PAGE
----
In Mudd v. Yarbrough, Judge Bunning of the United States District Court, Eastern District of Kentucky, considered a challenge to the court's jurisdiction. The decision involved a Servicemember's Group Life Insurance Policy, SGLI. 

After the insured servicemember's death, Prudential determined that his beneficiary designation was unclear. The servicemember's mother filed suit in the federal court in Kentucky claiming the benefits.  Prudential then filed an interpleader to have the court determine the proper recipient of the benefits. 

The court determined that it was proper for Prudential to file the interpleader,  because of competing claims to the benefits  made by the servicemember's mother, ex-wife, and estate.  The court found that Prudential was legitimately concerned it might face multiple liability if it did not pursue the interpleader.

Regarding proper subject matter jurisdiction, the court pointed to the requirements of 28 USC §  1335 Interpleader:

  • the amount of the controversy is over $500
  • two or more adverse claimants of diverse citizenship
  • the disputed funds must be deposited into the court's registry.

The court found the requirements were met. Prudential deposited the $400,000 policy proceeds into the court registry.  One claimant resided in Florida, the other in South Carolina.  Therefore, there was minimal diversity. 

Because of the low threshold for the policy amount and the minimal diversity requirement, I find that many life insurance beneficiary dispute interpleaders are filed in federal court.  


J. Michael YoungComment
Court admonishes beneficiary claimant to hire an attorney

An individual in an interpleader beneficiary dispute may be tempted to save on costs by representing themselves in court. This can have devastating consequences for a claim that may be worth hundreds of thousands of dollars.

An example is found in a case pending in the United States District Court, Middle District of Pennsylvania: Howerton v. Kandarian, et al. In that case, a pro se party violated the court's Standing Practice Order, by filing a “Request for Documents and Discovery Material.”

In response, Magistrate Judge Arbuckle noted that "the task of federal litigation is a daunting one" and the party was proceeding pro se "at his own peril."  noting that the policy benefits at issue were $268,000, enough to "justify the involvement of an attorney with the necessary skill and experience to guide Mr. Howerton through the minefield that is federal civil litigation."  Judge Arbuckle urged the pro se party to seek the guidance of counsel.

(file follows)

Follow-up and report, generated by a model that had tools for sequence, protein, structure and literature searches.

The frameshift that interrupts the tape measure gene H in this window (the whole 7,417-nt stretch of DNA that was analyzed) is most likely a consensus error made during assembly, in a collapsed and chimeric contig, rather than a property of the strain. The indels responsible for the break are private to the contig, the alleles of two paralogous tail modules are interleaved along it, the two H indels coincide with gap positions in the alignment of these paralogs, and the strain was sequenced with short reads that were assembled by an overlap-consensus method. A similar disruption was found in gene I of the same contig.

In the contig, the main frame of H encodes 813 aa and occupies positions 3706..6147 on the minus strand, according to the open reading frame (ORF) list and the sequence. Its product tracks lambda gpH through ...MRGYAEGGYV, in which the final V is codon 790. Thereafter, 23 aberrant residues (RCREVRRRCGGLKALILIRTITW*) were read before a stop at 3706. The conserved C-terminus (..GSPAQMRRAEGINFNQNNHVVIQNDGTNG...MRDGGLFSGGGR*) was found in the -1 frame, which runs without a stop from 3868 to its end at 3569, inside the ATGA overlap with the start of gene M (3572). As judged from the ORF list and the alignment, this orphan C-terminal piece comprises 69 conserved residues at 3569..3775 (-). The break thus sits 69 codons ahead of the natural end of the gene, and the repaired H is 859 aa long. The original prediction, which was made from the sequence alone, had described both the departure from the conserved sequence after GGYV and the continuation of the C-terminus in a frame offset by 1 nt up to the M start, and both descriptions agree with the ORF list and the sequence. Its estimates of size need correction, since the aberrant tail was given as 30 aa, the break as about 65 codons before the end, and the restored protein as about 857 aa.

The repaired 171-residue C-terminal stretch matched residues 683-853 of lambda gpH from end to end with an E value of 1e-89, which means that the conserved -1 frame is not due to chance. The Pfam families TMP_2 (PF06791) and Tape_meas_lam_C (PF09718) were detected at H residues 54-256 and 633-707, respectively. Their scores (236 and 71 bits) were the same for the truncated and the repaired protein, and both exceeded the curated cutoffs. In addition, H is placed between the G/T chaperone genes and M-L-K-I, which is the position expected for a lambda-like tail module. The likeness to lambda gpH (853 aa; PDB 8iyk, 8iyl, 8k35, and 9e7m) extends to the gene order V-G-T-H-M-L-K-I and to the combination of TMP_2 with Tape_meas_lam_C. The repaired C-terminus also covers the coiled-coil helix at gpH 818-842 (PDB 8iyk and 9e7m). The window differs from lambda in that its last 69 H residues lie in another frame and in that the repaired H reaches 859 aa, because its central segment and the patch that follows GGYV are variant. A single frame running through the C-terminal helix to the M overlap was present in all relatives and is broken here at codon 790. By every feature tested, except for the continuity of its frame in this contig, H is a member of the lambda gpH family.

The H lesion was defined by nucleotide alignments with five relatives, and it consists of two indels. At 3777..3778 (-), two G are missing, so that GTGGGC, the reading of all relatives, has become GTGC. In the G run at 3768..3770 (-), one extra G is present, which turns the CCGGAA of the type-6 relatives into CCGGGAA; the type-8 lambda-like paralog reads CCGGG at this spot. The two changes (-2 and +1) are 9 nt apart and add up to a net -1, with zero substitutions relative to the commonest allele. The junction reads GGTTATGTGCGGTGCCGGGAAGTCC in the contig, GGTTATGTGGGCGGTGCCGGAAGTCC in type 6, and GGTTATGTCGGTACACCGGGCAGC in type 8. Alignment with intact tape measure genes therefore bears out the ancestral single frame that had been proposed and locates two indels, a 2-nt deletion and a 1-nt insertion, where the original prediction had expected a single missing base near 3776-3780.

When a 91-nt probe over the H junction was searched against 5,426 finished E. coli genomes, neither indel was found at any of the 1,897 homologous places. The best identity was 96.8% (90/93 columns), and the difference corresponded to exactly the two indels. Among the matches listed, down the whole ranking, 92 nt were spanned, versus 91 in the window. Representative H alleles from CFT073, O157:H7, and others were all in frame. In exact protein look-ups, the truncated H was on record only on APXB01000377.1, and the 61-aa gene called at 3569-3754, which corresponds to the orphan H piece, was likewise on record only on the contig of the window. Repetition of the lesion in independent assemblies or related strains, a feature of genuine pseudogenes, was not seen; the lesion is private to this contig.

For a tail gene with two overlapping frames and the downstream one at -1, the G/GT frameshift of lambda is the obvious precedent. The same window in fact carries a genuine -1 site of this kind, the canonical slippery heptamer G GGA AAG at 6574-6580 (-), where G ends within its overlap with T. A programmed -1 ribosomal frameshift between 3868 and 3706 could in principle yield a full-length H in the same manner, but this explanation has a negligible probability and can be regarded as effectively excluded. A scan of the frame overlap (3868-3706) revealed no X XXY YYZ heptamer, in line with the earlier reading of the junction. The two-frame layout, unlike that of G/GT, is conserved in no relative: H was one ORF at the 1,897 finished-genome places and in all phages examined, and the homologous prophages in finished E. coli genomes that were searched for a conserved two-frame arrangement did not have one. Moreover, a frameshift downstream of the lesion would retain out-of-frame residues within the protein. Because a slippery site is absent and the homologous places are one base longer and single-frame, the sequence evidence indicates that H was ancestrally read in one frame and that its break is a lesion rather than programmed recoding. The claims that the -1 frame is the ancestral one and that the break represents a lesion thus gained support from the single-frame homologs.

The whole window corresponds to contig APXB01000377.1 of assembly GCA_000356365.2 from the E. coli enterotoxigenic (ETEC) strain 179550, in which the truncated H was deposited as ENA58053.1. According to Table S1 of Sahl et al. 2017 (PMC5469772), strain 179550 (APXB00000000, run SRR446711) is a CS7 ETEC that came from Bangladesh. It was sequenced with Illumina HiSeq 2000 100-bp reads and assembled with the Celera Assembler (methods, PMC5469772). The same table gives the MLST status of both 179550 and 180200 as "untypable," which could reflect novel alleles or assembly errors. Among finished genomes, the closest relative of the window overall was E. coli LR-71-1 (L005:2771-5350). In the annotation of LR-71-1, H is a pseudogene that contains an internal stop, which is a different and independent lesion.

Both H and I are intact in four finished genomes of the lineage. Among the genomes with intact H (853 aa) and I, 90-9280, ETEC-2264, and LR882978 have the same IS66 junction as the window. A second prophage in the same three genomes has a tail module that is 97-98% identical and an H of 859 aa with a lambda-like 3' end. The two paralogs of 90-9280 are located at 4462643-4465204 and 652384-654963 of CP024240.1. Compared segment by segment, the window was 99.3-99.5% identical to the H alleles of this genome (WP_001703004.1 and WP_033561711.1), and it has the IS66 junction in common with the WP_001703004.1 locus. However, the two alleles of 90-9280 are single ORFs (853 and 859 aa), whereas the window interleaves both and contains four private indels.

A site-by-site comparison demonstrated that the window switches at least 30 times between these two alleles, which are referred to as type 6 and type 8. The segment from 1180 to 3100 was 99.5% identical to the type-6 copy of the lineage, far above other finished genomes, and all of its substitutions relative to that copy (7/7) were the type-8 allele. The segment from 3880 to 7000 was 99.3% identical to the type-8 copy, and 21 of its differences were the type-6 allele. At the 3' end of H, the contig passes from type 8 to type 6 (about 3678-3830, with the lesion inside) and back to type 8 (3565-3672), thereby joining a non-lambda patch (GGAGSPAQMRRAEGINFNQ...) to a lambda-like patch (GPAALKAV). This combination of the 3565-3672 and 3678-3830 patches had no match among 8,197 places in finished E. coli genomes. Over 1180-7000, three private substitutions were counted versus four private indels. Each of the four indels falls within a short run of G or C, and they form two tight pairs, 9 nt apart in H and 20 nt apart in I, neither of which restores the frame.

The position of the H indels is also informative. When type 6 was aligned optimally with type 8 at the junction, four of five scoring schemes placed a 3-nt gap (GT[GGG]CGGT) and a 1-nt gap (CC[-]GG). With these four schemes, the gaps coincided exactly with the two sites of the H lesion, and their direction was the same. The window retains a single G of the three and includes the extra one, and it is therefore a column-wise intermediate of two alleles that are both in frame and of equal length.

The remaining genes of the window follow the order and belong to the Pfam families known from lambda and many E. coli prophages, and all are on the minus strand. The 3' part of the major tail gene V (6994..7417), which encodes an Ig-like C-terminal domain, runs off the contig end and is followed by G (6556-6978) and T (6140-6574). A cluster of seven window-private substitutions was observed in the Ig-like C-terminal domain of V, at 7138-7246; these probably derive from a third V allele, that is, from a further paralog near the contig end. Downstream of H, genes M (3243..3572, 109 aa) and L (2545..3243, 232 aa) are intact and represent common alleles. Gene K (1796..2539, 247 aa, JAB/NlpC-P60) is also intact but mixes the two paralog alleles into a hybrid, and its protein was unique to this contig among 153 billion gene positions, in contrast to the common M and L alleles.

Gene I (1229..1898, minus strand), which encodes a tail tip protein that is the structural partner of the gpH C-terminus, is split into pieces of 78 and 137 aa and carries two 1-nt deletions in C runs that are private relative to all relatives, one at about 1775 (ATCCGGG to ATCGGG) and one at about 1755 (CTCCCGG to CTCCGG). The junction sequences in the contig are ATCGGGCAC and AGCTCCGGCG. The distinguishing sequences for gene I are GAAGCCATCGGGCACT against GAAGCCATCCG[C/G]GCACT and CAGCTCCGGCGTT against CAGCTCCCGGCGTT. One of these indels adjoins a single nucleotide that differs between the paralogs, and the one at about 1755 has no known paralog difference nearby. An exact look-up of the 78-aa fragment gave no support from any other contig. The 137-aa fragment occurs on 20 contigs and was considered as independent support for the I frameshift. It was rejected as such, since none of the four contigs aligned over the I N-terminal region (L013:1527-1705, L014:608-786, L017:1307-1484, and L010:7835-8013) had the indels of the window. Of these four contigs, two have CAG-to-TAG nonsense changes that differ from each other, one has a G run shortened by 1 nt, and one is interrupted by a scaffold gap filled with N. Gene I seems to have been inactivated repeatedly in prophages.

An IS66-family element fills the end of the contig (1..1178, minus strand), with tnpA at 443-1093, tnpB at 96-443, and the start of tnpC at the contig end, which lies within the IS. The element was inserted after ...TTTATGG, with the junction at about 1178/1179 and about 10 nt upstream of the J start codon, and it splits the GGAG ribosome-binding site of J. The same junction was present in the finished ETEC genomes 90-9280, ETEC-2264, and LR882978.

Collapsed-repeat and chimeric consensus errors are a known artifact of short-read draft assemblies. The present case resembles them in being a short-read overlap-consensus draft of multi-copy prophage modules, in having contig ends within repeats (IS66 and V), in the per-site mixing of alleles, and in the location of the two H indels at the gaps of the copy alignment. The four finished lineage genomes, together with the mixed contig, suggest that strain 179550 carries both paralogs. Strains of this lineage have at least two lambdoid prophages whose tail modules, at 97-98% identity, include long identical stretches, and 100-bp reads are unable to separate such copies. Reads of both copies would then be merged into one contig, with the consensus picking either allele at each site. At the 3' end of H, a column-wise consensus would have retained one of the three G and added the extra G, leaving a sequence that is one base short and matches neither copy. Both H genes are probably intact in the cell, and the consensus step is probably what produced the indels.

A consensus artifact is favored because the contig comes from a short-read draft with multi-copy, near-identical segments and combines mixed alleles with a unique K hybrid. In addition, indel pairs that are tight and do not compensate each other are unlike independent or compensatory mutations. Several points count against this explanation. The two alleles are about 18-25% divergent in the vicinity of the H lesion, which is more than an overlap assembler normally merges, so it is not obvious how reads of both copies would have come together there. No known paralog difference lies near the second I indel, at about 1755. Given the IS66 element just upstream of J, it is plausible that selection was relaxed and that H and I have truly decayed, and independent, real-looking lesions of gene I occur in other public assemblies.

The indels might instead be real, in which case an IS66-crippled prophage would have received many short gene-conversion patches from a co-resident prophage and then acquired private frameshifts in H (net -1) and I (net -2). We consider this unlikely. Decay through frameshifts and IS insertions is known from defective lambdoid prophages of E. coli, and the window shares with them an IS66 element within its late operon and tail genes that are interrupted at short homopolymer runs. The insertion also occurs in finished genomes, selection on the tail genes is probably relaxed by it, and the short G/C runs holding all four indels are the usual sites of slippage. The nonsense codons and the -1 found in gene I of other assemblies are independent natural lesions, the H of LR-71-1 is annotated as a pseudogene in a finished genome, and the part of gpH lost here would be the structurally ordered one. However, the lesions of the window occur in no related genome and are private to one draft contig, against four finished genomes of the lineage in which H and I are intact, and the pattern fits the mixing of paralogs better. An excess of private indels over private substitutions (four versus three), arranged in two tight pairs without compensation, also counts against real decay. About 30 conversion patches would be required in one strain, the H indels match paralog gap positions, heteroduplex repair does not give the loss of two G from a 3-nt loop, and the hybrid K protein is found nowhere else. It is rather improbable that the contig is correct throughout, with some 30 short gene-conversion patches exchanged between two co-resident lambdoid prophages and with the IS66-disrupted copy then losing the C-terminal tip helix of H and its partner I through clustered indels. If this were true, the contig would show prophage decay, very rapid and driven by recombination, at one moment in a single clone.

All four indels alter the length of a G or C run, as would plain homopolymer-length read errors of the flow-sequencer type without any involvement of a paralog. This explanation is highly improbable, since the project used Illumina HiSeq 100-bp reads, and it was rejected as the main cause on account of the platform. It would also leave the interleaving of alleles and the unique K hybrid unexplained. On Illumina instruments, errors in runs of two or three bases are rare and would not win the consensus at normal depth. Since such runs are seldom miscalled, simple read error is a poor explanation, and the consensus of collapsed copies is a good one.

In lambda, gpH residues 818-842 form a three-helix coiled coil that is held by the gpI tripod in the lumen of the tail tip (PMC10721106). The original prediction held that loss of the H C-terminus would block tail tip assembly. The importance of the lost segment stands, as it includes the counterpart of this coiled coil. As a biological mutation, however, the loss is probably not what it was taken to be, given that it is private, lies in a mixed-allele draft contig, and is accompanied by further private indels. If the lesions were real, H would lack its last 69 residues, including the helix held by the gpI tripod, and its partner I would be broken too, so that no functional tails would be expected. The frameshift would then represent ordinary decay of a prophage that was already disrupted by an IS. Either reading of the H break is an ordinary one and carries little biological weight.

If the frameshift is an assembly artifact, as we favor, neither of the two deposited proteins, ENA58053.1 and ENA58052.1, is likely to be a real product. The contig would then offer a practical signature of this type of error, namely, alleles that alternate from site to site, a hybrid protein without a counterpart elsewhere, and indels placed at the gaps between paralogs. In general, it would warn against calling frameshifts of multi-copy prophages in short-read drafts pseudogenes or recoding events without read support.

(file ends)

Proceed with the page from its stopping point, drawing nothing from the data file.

J. Michael YoungComment
Sixth Circuit upholds ERISA breach of fiduciary duty award

The Employee Retirement Income Security Act of 1974 is better known as ERISA.  It was enacted by Congress to protect retirement and welfare benefit plans, such as employer provided life insurance. 

Unfortunately, the courts have interpreted ERISA in ways that typically favor insurance companies and employers over the rights of employees.  A common problem I see is employees who believe they are covered for a particular life insurance plan.  That belief is often well founded, because their employer tells them they are covered and deducts premium payments!

At times, the insurance company will audit a claim and decide that the employee should never have received the coverage at issue. ERISA plans are governed by detailed plan provisions.  Possibly, the employee did not meet qualifications of work status, maybe they did not work enough, maybe they did not sign the right paperwork, etc.

These denials can be frustrating and extremely unfair, because the employer may have assured the employee of the coverage and also made premium deductions from the employees paychecks.  Unfortunately, courts are often not sympathetic to the fundamental unfairness of denying coverage ever existed, despite the employee's payment of premiums and good faith belief they had the coverage.  As a consequence, courts have provided minimal checks on the power of insurers to deny claims, particularly as ERISA does not provide an employee/beneficiary with a right to a jury trial.